It doesn’t matter too much where you decide to grow your Garlic as long as there is a moderate amount of sunlight, though more is preferable, and as long as the soil is fertile. You should add 50g (2oz) of general-purpose fertiliser before planting for every square metre. As the plants grow, they shouldn’t need additional watering, except during particularly dry spells in the summer months. However, Garlic is vulnerable to being smothered by weeds, so you should keep an eye out for this. Any flowers produced should also be removed.

Broad Beans

Broad Beans are another nice, healthy plant that you can grow easily and help create a beautiful autumn garden. All they require is a well-drained site and improved with compost or well-rotted manure.

The seeds should be sown 5-7.5cm (2-3in) deep and 15-23cm (6-9in) apart, depending on the cultivar. In open ground, sow in single rows 45cm (18in) apart or double rows 23cm (9in) apart with 60cm (2ft) between each double row.

In raised beds, where you do not require extra space between each row for picking, all rows can be spaced 23cm (9in). Unless there is a lot of rainfall, Broad Beans require a regular soaking and need to be regularly de-weeded.

Climbing Rose ‘Gloriana’

As well as fruiting plants, some wonderful flowers will continue to flourish into the autumn season. One of our favourites has to be the Gloriana Rose. The flowers that it produces are truly stunning, so are the perfect choice for creating a beautiful autumn garden because it is also a climbing plant, so can easily fill your garden with a burst of colour. Like most climbing plants, it will require some support and must be tied as near horizontal as possible on to wires, trellis or something similar.

Gloriana’s require many nutrients; when planting them, you should dig a hold about the size of a spade in-depth and mix in either Blended Farmyard Manure or Rose, Tree and Shrub compost. You should also avoid planting them in areas where roses have already grown, as this may cause a replanting disease.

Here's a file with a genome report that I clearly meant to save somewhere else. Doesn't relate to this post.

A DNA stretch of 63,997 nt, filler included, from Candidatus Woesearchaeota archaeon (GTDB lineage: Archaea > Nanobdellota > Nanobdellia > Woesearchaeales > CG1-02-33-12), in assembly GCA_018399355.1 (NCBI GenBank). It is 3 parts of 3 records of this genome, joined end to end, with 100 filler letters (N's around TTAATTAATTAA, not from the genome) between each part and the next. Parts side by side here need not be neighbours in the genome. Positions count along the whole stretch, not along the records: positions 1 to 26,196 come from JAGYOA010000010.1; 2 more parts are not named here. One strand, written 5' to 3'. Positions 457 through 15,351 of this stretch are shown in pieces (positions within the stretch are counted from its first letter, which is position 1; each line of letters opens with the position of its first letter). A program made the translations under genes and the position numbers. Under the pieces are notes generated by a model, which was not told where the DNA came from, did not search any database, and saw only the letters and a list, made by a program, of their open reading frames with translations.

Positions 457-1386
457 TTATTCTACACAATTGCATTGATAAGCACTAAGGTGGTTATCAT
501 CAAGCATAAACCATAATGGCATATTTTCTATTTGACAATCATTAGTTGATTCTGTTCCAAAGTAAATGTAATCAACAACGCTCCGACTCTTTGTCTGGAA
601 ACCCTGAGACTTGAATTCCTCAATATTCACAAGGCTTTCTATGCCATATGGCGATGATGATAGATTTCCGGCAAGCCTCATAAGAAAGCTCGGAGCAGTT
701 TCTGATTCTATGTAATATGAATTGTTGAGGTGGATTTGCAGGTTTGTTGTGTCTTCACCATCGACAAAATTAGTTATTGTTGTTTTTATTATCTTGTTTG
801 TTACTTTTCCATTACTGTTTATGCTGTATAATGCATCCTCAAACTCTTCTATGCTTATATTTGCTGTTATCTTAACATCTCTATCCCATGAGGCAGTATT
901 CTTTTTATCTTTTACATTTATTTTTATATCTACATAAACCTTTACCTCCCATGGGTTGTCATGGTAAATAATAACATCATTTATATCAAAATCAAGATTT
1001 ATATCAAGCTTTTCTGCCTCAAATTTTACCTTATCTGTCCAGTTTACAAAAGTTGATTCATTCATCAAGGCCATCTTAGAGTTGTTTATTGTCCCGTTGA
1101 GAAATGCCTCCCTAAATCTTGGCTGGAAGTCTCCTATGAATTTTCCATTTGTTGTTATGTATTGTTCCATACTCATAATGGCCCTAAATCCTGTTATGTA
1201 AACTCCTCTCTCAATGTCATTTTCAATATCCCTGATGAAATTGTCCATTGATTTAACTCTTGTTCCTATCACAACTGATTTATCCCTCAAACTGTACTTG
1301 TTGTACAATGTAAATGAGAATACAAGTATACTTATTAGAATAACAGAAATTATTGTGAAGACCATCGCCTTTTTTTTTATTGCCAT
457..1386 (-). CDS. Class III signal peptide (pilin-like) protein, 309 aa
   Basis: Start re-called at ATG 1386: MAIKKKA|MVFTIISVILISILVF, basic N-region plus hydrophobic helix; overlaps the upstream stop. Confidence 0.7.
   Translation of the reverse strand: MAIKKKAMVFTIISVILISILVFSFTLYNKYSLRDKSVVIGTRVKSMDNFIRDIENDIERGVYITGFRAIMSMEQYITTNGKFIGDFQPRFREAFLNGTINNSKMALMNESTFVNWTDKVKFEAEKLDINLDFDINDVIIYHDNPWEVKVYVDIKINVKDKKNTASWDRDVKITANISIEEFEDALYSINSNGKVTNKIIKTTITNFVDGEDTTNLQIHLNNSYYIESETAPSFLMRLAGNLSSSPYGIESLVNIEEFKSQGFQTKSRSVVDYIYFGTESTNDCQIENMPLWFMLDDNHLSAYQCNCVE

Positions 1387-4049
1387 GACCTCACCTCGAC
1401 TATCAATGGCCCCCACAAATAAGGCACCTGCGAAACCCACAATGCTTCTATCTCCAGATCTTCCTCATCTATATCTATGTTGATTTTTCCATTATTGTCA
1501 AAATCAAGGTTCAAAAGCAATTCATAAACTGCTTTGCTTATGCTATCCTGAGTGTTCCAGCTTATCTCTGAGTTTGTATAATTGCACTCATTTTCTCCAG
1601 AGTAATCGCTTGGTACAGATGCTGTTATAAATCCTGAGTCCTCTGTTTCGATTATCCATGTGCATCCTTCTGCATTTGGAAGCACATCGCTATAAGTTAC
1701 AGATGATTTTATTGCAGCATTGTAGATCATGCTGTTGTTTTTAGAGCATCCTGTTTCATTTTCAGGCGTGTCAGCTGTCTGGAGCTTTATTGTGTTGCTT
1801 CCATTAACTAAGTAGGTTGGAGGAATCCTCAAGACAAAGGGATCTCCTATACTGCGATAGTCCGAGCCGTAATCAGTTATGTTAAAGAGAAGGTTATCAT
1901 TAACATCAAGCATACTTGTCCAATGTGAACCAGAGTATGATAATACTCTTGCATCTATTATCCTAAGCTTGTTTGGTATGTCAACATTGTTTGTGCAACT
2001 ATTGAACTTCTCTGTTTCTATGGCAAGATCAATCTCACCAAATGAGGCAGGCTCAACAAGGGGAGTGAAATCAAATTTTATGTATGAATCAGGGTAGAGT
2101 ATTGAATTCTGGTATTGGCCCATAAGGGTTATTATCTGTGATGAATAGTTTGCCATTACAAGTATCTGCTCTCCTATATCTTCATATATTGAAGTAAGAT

If you have no other choice, you will have to replace the soil in this area completely. If you are planting in either Autumn and Winter, it may also be good to use a mug full of Bonemeal.

To ensure success, you could even sprinkle some root grow on the root to help them develop, ensuring that the efforts that you put into creating a beautiful autumn garden are not in vain. Using a rose fertiliser such as Toprose will also help you produce the best results during the growing season.

The best tools for the job

Creating a beautiful autumn garden is clearly a lot of work, so it is important to have the right tools for the job. This does not simply mean going for the cheapest option, as although you might have a budget to stick to, buying cheaper tools may turn out to be more expensive in the long run as they will break and need to be replaced.

Ensure that the tools you do buy last for as long as possible, make sure you clean them all after each use. You can do this by removing the sap and resin from shears and secateurs by using a drop of white spirit on a rag and scraping any stubborn stains with the nail of your thumb.

Give the blades a squirt of WD-40 for good measure before stowing away safely in your shed, which you may also want to consider maintaining using our guide of how to paint a garden shed. Once a year, you should also give any wooden handled tools a rub down with linseed oil.

This will keep the wood supple, help prevent cracks and ensure years of faithful gardening service.